Government fails to hit EV charger target

Government fails to hit EV charger target

According to new research conducted by the RAC, the Government has not hit its target of having six or more rapid or ultra-rapid electric vehicle chargers at every motorway service area in England by the end of 2023.

Just 46 (39%) out of 119 motorway services reviewed by the RAC on Zapmap now have a target number of chargers above 50kW to serve the UK’s growing fleet of battery-electric vehicles, which should have exceeded the one million milestone by the end of 2023.

The number of rapid chargers has grown from just 27 (23%) at the end of April. Since the end of spring, a further 178 high-powered chargers have been installed at motorway services. Positively, there are now more than 400 ultra-rapid chargers in service and 55% of drivers are now offered the fastest possible charging speeds.

Only 18 service areas have no rapid charging above 50kW but, worryingly, four have no charging facilities: Leicester Forest on both sides of the M1, Tebay South on the M6, and Barton Park on the A1(M). There are now 693 Combined Charging System (CCS) connectors – the most common charging connector – at the 101 services offering high-powered charging, an increase of 225, or 48%.

For the CHAdeMO connectors predominantly used by Nissan and Renault electric cars, there are now almost 282, up 32% compared to the end of April.

70% of all high-power motorway charging is now ultra-rapid, significantly reducing the time drivers spend ‘filling up’. Encouragingly, there are 14 services in England with more than 12 such devices – up from only six in the spring.

The Moto-run services at Exeter on the M5 have the most high-powered chargers of all motorway services, with 24 devices. Looking at all high-powered motorway chargers collectively, there are currently an average of five (4.9) devices at all 119 service areas in England – up from 3.4 at the end of April.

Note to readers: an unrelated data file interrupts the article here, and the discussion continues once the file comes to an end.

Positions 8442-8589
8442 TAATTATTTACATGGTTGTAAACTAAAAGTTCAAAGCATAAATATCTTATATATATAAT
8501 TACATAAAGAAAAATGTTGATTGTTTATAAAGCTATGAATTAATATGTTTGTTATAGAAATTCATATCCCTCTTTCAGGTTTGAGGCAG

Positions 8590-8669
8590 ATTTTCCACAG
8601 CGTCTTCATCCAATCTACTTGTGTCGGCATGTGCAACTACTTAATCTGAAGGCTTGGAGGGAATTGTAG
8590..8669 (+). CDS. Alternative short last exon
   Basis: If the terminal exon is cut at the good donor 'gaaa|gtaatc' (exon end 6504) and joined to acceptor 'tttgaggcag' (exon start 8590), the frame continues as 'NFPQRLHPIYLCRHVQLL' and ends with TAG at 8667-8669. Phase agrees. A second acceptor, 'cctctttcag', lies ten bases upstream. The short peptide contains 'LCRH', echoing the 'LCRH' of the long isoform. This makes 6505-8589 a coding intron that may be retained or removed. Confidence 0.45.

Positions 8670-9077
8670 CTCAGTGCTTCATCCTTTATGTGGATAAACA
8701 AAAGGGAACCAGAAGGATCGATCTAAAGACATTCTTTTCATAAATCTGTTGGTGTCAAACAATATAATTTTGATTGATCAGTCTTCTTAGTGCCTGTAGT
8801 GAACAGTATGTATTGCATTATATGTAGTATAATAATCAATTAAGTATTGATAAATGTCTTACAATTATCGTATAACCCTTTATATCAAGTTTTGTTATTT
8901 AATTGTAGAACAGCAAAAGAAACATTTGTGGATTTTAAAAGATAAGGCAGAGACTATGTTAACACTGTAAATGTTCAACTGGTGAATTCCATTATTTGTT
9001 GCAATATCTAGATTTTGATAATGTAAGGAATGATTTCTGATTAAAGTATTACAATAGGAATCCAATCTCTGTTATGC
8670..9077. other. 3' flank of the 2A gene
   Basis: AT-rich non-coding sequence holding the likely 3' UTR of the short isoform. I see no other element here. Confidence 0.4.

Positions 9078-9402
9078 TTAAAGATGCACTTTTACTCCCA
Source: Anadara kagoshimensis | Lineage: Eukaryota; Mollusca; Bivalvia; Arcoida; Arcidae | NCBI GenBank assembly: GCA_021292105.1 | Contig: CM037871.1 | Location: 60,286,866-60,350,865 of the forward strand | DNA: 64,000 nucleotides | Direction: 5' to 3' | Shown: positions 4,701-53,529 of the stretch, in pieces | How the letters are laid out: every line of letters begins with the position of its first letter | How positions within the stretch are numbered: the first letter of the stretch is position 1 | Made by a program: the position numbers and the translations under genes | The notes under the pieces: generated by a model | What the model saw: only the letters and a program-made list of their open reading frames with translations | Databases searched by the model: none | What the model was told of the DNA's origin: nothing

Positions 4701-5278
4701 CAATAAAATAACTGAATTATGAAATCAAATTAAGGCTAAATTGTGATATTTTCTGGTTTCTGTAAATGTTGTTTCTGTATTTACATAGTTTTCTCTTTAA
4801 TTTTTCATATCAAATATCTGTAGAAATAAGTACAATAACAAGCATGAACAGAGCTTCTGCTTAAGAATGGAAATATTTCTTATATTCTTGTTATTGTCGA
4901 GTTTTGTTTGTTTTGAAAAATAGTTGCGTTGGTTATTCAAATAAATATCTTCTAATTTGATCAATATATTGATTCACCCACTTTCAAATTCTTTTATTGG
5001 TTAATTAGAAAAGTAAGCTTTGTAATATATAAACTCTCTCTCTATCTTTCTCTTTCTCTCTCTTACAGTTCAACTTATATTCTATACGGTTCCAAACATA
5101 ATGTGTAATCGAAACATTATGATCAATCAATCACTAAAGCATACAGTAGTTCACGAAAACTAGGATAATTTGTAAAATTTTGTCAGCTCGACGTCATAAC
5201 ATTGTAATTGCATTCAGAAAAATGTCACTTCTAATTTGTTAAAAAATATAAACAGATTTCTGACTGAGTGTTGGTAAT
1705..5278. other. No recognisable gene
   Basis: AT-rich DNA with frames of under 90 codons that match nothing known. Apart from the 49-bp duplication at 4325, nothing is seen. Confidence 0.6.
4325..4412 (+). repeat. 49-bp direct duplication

The Government’s target of having at least six rapid chargers above 50kW by the end of 2023, with some having more than 12, is set out in ‘Taking charge: the electric vehicle infrastructure strategy’ published on 25 March 2022. 

It intended to accelerate the roll-out of high-powered chargers on the strategic road network through the £950m Rapid Charging Fund so that EV drivers have confidence in the ability to undertake longer journeys. However, it wasn’t until early December 2023 that the Government announced it would be providing £70m in grants for a pilot scheme involving upgrades at 10 motorway service stations.

As of November 2023, charging statistics from Zapmap show the UK has 53,029 charging devices a fifth (19% or 9,992) are rapid or ultra-rapid. Looking at this figure against the RAC’s research reveals that only 6% (581) of all these high-powered chargers are at motorway services.

The Government says it expects there will be around 300,000 public chargers of all speeds as a minimum by 2030 and more than 6,000 high-powered chargers along strategic roads by 2035.

Forecasts in the Competition and Markets Authority’s ‘Building a comprehensive and competitive electric vehicle charging sector that works for all drivers’ suggest that at least 280,000-480,000 public charge points will be needed by 2030.

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